The novel poses several problems for young readers that teachers can help them overcome. Although short, it is monotonous in parts. There are gaps in the episodes with some incidents not fully explained by Markandaya.

This teacher's guide attempts to fill these gaps by explaining the various cultural practices and providing background information necessary for a full understanding of the story. It is divided into several sections: Biographical Sketch of the Author; Synopsis; Main Characters; Background Information about India: Family Life, Religion, Birth, Marriage, Dress, Food, Education, Economy, and Communication; and Teaching Ideas: Prereading Activities, During Reading Activities, After Reading Activities, and Bibliography. Each of the activity sections will list activities for English and social studies. Activities suggested will be appropriate for students at a variety of ability and maturity levels. Those for more capable students will be starred (*).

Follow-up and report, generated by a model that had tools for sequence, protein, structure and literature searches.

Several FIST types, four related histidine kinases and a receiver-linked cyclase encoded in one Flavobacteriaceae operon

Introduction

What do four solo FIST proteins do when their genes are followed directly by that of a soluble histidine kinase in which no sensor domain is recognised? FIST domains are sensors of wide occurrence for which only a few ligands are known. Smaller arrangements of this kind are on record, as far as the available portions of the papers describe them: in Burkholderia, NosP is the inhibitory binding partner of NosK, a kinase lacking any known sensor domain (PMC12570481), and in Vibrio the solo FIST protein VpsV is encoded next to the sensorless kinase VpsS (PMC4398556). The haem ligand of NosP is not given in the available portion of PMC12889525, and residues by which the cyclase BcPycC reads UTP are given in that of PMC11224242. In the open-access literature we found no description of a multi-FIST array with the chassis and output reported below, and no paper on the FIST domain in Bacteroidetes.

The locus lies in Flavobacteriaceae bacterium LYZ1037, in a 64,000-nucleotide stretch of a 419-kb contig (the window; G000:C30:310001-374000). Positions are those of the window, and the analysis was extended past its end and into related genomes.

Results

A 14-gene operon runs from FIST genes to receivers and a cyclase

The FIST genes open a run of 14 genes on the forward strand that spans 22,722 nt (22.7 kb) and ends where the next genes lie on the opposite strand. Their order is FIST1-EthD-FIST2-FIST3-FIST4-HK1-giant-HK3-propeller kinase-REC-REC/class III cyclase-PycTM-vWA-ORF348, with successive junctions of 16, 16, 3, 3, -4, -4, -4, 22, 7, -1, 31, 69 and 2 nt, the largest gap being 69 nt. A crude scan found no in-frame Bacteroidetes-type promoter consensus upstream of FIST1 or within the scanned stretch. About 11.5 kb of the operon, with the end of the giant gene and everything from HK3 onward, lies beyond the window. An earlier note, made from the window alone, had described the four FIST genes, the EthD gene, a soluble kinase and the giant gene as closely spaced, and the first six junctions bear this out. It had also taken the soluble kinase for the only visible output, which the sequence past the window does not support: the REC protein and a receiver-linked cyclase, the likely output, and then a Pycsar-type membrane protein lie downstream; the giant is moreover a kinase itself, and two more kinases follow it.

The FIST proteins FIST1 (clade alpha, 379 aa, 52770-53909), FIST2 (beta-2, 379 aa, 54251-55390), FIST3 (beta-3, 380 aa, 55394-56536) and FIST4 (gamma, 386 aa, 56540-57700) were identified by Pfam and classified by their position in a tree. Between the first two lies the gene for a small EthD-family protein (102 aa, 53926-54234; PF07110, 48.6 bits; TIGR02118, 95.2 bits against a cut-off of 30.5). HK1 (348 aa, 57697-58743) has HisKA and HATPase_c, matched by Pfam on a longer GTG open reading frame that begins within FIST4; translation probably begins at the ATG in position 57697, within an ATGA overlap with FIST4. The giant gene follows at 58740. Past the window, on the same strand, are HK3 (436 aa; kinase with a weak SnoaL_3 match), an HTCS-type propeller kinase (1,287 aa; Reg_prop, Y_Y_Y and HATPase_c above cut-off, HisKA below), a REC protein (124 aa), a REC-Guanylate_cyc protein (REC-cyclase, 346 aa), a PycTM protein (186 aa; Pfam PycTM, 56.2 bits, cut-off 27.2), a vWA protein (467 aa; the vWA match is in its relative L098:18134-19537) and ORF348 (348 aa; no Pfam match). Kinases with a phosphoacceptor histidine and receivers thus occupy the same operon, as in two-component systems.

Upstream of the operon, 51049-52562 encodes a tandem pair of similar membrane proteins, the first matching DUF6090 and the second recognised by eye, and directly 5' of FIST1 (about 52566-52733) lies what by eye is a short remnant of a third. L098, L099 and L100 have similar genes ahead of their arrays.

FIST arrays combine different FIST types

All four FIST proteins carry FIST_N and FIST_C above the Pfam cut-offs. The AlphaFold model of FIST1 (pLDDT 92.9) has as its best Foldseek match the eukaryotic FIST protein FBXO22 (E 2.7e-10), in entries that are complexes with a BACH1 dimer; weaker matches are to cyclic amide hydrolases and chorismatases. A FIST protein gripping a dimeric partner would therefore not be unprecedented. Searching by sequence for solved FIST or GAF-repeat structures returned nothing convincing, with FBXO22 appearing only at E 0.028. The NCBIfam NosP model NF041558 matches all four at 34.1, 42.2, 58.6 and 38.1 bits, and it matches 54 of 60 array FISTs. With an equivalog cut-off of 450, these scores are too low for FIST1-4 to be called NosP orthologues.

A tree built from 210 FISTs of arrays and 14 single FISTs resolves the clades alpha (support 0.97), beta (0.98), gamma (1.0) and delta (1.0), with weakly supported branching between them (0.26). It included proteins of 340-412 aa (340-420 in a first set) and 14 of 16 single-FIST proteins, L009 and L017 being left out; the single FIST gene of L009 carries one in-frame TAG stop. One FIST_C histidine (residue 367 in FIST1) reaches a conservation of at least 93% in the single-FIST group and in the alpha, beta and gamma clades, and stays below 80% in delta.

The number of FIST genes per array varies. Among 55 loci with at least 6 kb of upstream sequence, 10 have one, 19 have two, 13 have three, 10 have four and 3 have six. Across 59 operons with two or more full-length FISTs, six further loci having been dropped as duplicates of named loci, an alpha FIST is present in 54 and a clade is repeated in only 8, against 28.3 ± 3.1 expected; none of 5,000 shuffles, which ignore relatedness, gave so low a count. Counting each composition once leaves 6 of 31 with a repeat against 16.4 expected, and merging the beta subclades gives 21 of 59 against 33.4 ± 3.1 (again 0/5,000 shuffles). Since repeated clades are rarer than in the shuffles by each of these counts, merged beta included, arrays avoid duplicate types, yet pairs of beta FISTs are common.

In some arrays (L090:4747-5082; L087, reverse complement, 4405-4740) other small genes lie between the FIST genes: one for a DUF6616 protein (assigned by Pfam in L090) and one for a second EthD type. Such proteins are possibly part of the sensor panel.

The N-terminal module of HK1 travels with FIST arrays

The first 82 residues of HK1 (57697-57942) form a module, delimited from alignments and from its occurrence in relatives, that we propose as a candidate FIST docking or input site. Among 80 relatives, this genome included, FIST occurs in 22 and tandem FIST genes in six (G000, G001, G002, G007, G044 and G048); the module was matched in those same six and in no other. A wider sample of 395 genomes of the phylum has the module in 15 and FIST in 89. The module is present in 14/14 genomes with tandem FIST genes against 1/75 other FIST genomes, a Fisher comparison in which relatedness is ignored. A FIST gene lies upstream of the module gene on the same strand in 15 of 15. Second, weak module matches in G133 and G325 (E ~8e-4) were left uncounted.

Biographical Sketch of the Author

Kamala Purnaiya Markandaya was a twentieth century novelist from the south of India. In her early years she traveled widely in India and Europe. She was a journalist in India before migrating to London, England in 1948.

While in England she married an Englishman. She published her first novel, Nectar in a Sieve, in 1954. Some of her other works include: Some Inner Fury (1955), The Coffer Dams (1969), The Nowhere Man (1972), Two Virgins (1973), and Shalimar (1983). Her works, Nectar in a Sieve in particular, received high commendation.

OVERVIEW